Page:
HELL ON EARTH TOUR. Sub89, Reading. 19.09.10
From a distance this looked amazing. A night of bands the calibre of which Reading is usually lucky to see in a whole year outside of a festival field. Up close and as it happens though, inside the cold black box of the still new Sub89, it’s somehow less exciting. It doesn’t help that confusion over entry age has left a few younger punters heading home without hearing a note or that inside everything’s running an hour late so other people are forced to miss bands to get home at all, but really, a gig this good should move all that aside.
It doesn’t. While The Acacia Strain are brilliant on record, live they can’t quite cut it. Sure, ‘Woah, Shut It Down’ is black-hearted brilliance, cuts from new album ‘Wormwood’ slot in well, and ‘JFC’ is the perfect closer, but the set is full of flaws. Older songs please a few fans but mostly misfire and while frontman Vincent Bennett cuts an imposing figure, when he gets breathless after two tracks and can’t finish his lines throughout it sounds flabby and weak. Not what’s needed.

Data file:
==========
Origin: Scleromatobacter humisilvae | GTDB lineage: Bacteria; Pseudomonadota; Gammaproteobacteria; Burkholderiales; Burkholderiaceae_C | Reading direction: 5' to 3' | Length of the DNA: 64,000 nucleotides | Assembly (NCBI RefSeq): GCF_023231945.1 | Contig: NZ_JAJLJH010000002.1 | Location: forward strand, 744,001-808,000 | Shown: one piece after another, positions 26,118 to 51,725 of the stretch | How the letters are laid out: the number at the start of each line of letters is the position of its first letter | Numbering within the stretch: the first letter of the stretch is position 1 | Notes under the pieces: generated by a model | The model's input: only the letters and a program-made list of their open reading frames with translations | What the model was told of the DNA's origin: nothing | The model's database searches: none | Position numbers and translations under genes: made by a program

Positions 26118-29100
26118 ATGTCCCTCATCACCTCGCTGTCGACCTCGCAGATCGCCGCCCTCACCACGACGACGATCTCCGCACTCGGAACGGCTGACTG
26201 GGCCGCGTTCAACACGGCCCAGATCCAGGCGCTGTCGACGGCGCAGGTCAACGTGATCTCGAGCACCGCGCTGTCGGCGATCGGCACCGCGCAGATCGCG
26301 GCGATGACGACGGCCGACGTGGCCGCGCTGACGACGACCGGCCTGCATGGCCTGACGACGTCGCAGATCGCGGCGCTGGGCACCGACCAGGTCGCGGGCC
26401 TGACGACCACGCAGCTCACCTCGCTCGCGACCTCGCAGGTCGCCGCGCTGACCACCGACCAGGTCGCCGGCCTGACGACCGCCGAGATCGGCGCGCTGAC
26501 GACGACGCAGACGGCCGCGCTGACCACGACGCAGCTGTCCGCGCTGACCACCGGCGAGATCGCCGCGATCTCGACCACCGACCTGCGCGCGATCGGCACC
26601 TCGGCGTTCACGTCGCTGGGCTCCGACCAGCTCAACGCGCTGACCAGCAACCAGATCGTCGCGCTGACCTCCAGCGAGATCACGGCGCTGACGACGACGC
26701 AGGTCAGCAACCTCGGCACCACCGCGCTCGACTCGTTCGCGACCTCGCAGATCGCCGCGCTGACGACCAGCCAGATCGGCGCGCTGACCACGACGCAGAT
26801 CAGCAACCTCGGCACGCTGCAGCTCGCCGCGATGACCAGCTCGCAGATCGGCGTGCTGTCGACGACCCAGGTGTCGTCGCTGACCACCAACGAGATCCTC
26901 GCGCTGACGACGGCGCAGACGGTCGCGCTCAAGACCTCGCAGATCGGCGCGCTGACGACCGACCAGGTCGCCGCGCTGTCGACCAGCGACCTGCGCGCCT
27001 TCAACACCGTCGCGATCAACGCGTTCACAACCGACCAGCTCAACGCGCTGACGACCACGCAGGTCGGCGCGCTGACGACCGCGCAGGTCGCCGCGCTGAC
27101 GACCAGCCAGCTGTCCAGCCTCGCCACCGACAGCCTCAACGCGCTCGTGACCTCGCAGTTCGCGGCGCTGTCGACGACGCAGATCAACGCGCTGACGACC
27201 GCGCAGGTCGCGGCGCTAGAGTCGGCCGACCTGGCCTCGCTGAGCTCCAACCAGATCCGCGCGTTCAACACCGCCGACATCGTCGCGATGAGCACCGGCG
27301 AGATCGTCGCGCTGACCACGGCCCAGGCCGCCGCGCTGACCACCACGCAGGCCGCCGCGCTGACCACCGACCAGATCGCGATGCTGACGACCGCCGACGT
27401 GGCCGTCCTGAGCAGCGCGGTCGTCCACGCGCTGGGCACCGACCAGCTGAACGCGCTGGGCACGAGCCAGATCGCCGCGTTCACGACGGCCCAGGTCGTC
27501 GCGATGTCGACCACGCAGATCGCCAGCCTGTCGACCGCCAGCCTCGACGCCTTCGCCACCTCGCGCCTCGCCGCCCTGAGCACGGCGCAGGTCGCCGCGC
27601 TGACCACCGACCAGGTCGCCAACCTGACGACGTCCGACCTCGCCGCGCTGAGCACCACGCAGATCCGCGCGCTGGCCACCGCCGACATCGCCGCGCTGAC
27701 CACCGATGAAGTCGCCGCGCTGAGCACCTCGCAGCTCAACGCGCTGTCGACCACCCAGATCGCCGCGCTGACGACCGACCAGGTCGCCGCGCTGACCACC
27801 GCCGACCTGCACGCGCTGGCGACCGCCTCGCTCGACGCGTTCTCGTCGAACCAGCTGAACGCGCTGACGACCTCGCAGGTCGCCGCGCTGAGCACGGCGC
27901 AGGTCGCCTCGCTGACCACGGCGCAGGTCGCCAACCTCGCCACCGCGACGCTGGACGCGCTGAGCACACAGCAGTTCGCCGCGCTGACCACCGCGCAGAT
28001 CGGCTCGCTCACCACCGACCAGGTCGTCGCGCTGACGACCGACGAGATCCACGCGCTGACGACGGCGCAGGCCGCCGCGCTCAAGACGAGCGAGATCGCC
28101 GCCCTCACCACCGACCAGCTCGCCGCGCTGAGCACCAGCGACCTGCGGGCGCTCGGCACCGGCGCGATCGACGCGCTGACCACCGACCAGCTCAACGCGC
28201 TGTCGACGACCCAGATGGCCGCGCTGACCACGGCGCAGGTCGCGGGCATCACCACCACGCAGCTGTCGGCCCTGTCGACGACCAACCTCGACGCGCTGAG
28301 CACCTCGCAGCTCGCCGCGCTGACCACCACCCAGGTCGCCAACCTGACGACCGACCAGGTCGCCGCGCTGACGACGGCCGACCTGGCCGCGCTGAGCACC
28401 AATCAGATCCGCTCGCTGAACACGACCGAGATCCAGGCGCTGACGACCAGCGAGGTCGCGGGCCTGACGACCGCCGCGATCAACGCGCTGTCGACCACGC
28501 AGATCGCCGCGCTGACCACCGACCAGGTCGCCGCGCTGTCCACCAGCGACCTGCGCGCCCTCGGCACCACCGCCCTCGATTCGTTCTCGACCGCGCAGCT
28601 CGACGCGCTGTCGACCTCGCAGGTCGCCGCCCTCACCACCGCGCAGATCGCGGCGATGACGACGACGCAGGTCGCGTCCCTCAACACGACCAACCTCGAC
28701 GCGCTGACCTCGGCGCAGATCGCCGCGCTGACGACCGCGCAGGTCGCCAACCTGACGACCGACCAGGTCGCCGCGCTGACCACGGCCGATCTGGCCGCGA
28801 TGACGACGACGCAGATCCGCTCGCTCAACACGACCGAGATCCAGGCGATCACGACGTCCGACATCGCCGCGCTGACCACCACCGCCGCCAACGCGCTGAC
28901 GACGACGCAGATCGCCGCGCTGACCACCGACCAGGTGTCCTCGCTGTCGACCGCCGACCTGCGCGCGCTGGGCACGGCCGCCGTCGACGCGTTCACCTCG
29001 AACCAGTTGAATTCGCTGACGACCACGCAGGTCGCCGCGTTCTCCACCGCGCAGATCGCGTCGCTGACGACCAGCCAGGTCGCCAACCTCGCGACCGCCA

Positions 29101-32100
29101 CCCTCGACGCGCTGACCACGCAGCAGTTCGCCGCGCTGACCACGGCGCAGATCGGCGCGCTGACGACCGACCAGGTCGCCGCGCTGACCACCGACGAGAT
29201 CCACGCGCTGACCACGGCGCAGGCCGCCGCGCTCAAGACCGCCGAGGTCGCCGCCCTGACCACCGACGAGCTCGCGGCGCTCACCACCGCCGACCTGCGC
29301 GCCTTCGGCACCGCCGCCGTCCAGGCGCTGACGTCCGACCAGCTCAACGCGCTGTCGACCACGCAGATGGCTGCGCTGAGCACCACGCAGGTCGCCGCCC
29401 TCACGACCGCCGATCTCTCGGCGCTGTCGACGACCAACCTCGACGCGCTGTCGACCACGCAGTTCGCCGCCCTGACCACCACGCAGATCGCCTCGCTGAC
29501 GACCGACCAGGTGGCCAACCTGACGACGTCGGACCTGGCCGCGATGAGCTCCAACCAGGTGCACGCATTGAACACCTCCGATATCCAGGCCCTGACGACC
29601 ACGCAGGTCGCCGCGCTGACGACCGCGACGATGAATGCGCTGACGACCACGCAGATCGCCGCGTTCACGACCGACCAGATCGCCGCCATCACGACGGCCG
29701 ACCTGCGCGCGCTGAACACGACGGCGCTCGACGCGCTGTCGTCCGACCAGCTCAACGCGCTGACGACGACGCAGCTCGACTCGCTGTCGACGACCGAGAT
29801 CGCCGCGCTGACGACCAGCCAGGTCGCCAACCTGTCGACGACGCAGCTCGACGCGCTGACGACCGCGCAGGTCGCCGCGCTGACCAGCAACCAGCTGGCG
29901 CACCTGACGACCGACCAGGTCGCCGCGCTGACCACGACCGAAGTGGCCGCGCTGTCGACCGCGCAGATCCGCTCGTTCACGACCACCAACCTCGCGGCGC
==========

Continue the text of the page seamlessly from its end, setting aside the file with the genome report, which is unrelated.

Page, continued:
Luckily All Shall Perish are much better than expected. They don’t put on much of a show but while they play they’re perfect- tying together hyper-speed thrash, truly heavy metal, ear-shredding highs and demonic lows with absolutely no flair but buckets of skill. They’re still not the best band of the night though. That title goes to Terror. They easily show just how much power and presence can be wrung out of straight-up no-frills hardcore and look like they’re having the time of their lives doing it. Oh, and if we could somehow use singer Scott Vogel as a power source, fossil fuels would very quickly become a thing of the past.
And Every Time I Die can’t beat it. They come out fighting, sure, but Reading doesn’t really respond. ‘Bored Stiff’ bites hard, ‘Ebolarama’ is still essential stuff and a joy to hear, and ‘The Marvelous Slut’ is a murderous example of modern punk rock but as the crowd thins, the band start going through the motions. Even ‘The New Black’ can’t really rouse people and Keith Buckley looks visually shocked at the subdued reception for a nonetheless brilliant and barbarous ‘Floater’. And the band feel that and pull back, and the crowd feels that and winds down and the band feels that and the pattern spirals on until a stage invasion that should feel like a party instead seems forced and, with no one left on the floor, kind of uncomfortable. Which is no way for this to finish but, thanks to some bands short of their best, a far from capacity crowd, and a venue still finding its feet, it’s how it does all the same. Shame.